Frank Huang / Mustang News

Turns out, puberty could be to blame for why college students don’t love waking up for 7 a.m. classes.

According to a recent study, college students learn best when they’re at their optimal state of alertness, which is usually at 10 a.m. Even so, Cal Poly begins many of its classes at 7 a.m. This spring quarter, Cal Poly held 55 7 a.m. classes compared to 77 during Spring 2016, Associate Registrar Susan Olivas said in an email to Mustang News.

According to Olivas, classes are scheduled at 7 a.m. to accommodate as many as possible.

Study stats

Researchers Mariah Evans and Jonathan Kelley from University of Nevada, Reno and Paul Kelley from Open University in the United Kingdom found out why 10 a.m. is the sweet spot.
Their study concluded that biological changes that occur during adolescent years contribute to the shift in college students’ sleeping schedules.

“The crux of the matter in the temporal misalignment problem is that biological changes beginning in puberty shift wake and sleep times two to three hours later in the day,” the researchers said in their study.

Those biological changes involve melatonin, the hormone responsible for the onset of sleepiness. When an adolescent goes through puberty, melatonin’s release is delayed. With this prolonged onset, adolescents are more likely to stay up later because drowsiness hasn’t kicked in.

According to the study, the two- to three-hour delay of melatonin reaches its peak at 19 years old and doesn’t “revert” to a previous pattern until the mid-20s, the researchers wrote, citing a study from 2004.

“If you’re an adolescent, your sleep wake cycle is shifted relative to the rest of humanity with the exception of infants [and seniors],” psychology and child development professor Gary Laver said.
Because college students tend to stay awake in the later hours, it means they go to bed later. In turn, they need more time to sleep before their 7 a.m. class. Even so, the California State University (CSU) system does not have a policy regarding class start times, according to CSU spokeswoman Elizabeth Chapin.

Cal Poly has a history of holding classes at 7 a.m. dating back to the 1980s, and possibly before, Olivas said.

Amid the absence of a time-sensitive schedule for classes, the 190 students surveyed in the study reported feeling at their best around 10 a.m. From that hour on, their optimal functioning points stay positive as the clock ticks into the afternoon. But, when the evening hours creep up, students reported a decline in their performance at 9 p.m. and 10 p.m. They reported feeling even worse as the time approaches midnight and a further decline after 2 a.m.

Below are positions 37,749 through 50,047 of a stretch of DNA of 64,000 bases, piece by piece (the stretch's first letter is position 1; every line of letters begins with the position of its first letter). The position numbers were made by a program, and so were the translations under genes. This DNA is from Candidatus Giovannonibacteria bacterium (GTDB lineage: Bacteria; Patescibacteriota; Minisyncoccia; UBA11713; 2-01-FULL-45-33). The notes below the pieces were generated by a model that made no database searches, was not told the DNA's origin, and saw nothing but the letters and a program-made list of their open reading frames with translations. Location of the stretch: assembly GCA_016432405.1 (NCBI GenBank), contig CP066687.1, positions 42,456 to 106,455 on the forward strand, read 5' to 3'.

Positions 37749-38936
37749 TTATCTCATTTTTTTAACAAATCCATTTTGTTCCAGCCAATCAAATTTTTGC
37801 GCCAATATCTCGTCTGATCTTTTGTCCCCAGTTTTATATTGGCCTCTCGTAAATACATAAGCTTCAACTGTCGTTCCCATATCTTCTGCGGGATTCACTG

Even so, the delay in melatonin could leave students wide awake even after their first signs of decline at 9 p.m.

Does that mean students learn better even at 9 p.m. or 10 p.m. at night when they’re supposedly up and about?

Not necessarily.

“Alertness depends on homeostatic pressure, which is a linear function that says, ‘The longer you’ve been awake, the more tired you are,’” assistant professor of psychology and child development Kelly Bennion said.  “That said, having late night classes is not best for students.”

Generally speaking, a 24-hour day consists of 16 hours awake and eight hours asleep, according to Laver.

For college students, 24-hour days look only slightly different from their younger and older counterparts because they start later. That is, provided they’re waking up at later times.

Their days might start at 9 a.m. on the weekend if they go to sleep at 1 a.m. Even so, they  still follow the 24-hour day like the person who wakes up at 6 a.m. and goes to sleep at 10 p.m

“College students are in a completely different time zone than older adults,” Bennion said. “I tell parents that it shouldn’t be any surprise that their teenager is grumpy at 6 a.m.”

Bennion said considering the hours in which college students go to sleep, beginning class at 9 a.m. would be an optimal starting time.

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